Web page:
Therefore, mainly from the viewpoint of preventing the formation of an unnatural display due to insufficient transmission of the display light, the area over which the pixels overlap the planes of the shorter side is preferably reduced to ensure adequate transmission of light via the planes of the longer side. Considering that the pitch of the pixels in a liquid-crystal cell is typically 100 to 300 μm, the stated viewpoint dictates that each plane of the shorter side is preferably formed to be no more than 40 μm, more preferably 1 to 20 μm, most preferably 5 to 15 μm, in size as calculated for the width of projection onto the reference plane defined by the bottom surface.

The above-stated viewpoint also dictates that the spacing between planes of the shorter side is preferably large. On the other hand, it should be remembered that the plane of the shorter side is in effect a functional element that allows for emergence of the light incident on a side of the light guide plate; if the spacing between planes of the shorter side is excessive, only limited illumination is produced from the light guide plate in ON state and the resulting display also looks unnatural. Considering these facts, the repeating pitch P of the prismatic asperities (ridges 2 a or grooves 2 b) shown in FIGS. 3A and 3B is preferably adjusted to lie in the range of 50 μm to 1.5 mm. The pitch may be constant or irregular as exemplified by a random pitch or random or regular combinations of a specified number of pitch units.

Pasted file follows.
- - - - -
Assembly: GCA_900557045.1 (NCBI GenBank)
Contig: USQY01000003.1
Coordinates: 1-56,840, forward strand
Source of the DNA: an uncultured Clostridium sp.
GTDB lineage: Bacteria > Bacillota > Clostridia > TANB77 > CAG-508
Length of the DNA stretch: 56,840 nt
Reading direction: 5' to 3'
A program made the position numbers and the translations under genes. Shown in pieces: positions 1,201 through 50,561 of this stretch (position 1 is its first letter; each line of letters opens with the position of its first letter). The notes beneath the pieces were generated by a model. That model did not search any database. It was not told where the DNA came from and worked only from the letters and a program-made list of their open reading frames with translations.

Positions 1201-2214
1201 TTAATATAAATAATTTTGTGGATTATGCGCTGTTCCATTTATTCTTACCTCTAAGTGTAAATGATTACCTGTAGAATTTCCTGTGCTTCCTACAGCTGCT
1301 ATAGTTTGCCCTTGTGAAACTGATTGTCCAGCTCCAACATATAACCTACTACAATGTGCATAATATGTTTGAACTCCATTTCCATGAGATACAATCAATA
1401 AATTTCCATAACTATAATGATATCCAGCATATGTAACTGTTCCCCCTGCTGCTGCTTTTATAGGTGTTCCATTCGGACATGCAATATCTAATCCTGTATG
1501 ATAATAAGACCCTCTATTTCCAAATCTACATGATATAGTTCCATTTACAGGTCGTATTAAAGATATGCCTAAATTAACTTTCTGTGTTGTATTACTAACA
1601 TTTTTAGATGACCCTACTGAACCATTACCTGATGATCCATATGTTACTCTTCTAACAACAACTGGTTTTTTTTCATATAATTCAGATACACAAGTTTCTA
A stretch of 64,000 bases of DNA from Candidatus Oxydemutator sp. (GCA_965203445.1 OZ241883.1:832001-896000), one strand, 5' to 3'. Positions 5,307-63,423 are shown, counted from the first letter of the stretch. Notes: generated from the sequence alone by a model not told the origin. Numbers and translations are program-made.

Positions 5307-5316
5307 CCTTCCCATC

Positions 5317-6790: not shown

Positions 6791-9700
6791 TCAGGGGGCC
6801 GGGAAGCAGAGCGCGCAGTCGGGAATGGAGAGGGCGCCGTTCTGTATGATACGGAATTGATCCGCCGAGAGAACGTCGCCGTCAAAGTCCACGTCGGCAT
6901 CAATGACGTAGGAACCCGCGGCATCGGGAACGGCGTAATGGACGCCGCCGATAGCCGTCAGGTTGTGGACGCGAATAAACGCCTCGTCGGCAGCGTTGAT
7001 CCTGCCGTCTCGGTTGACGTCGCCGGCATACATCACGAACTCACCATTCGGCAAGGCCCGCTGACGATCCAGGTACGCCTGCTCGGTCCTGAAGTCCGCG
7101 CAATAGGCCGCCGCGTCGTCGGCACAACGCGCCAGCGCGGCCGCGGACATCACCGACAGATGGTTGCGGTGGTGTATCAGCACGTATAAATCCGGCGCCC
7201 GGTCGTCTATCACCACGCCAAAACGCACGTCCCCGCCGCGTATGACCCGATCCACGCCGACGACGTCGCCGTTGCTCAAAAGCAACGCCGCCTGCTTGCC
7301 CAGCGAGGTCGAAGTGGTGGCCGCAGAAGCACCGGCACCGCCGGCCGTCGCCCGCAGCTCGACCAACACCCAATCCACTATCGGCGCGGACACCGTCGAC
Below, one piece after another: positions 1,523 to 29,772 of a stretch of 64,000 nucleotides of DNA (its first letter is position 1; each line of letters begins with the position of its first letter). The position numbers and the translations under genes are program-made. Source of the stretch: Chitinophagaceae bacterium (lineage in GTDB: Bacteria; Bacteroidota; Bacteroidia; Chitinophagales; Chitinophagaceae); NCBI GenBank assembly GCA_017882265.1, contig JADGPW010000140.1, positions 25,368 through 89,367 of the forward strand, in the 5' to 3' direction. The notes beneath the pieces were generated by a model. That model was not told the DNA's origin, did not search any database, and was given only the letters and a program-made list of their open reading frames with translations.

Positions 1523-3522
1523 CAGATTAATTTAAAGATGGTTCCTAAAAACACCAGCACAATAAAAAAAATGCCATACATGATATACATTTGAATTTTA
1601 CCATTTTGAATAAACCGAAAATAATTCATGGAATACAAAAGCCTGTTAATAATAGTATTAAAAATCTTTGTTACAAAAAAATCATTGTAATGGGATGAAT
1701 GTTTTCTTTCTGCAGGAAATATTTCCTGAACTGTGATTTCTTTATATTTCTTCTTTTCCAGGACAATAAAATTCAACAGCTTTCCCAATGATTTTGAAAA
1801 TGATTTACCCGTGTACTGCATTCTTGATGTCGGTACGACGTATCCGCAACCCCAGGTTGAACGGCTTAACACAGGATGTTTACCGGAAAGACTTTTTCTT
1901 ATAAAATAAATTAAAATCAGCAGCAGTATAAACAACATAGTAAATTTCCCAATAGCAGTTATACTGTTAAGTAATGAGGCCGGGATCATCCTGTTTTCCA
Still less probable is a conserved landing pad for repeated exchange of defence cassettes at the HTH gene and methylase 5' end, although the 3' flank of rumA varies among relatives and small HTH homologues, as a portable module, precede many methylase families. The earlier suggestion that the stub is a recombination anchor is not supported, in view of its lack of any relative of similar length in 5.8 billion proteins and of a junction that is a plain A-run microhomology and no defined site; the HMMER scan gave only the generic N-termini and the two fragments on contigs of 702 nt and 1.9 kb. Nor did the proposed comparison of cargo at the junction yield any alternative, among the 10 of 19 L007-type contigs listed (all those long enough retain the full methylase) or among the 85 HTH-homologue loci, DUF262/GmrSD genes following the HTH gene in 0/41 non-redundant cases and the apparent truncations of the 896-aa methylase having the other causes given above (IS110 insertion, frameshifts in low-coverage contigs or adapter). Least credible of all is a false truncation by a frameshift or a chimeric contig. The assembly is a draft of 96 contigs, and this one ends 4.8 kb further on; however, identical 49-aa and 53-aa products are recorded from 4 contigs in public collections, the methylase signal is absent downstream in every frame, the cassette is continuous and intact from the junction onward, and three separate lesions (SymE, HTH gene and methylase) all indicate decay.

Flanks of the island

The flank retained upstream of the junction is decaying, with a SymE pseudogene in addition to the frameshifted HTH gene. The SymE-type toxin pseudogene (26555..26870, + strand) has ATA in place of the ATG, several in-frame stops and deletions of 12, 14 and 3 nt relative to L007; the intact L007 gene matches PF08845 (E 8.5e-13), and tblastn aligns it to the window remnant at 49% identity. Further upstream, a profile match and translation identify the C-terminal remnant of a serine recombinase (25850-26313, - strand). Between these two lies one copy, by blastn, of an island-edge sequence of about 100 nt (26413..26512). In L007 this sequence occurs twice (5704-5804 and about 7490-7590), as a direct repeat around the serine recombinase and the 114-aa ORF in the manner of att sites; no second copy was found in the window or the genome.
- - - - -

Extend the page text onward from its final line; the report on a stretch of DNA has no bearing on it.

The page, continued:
Ideally, the vertexes of the prismatic asperities, or the points at which the planes of the shorter side cross the planes of the longer side, are each formed as the crossing point of two planes. In practice, however, neither the planes of the shorter side nor those of the longer side can be formed as planes that have no surface roughness in the strict sense of the term and, for the same reason, the vertexes cannot be formed as the crossing points of planes but are formed to a certain degree of radius. However, the roundness of vertexes is a potential cause of increasing the angle of travel of the transmitted light or producing more leakage light.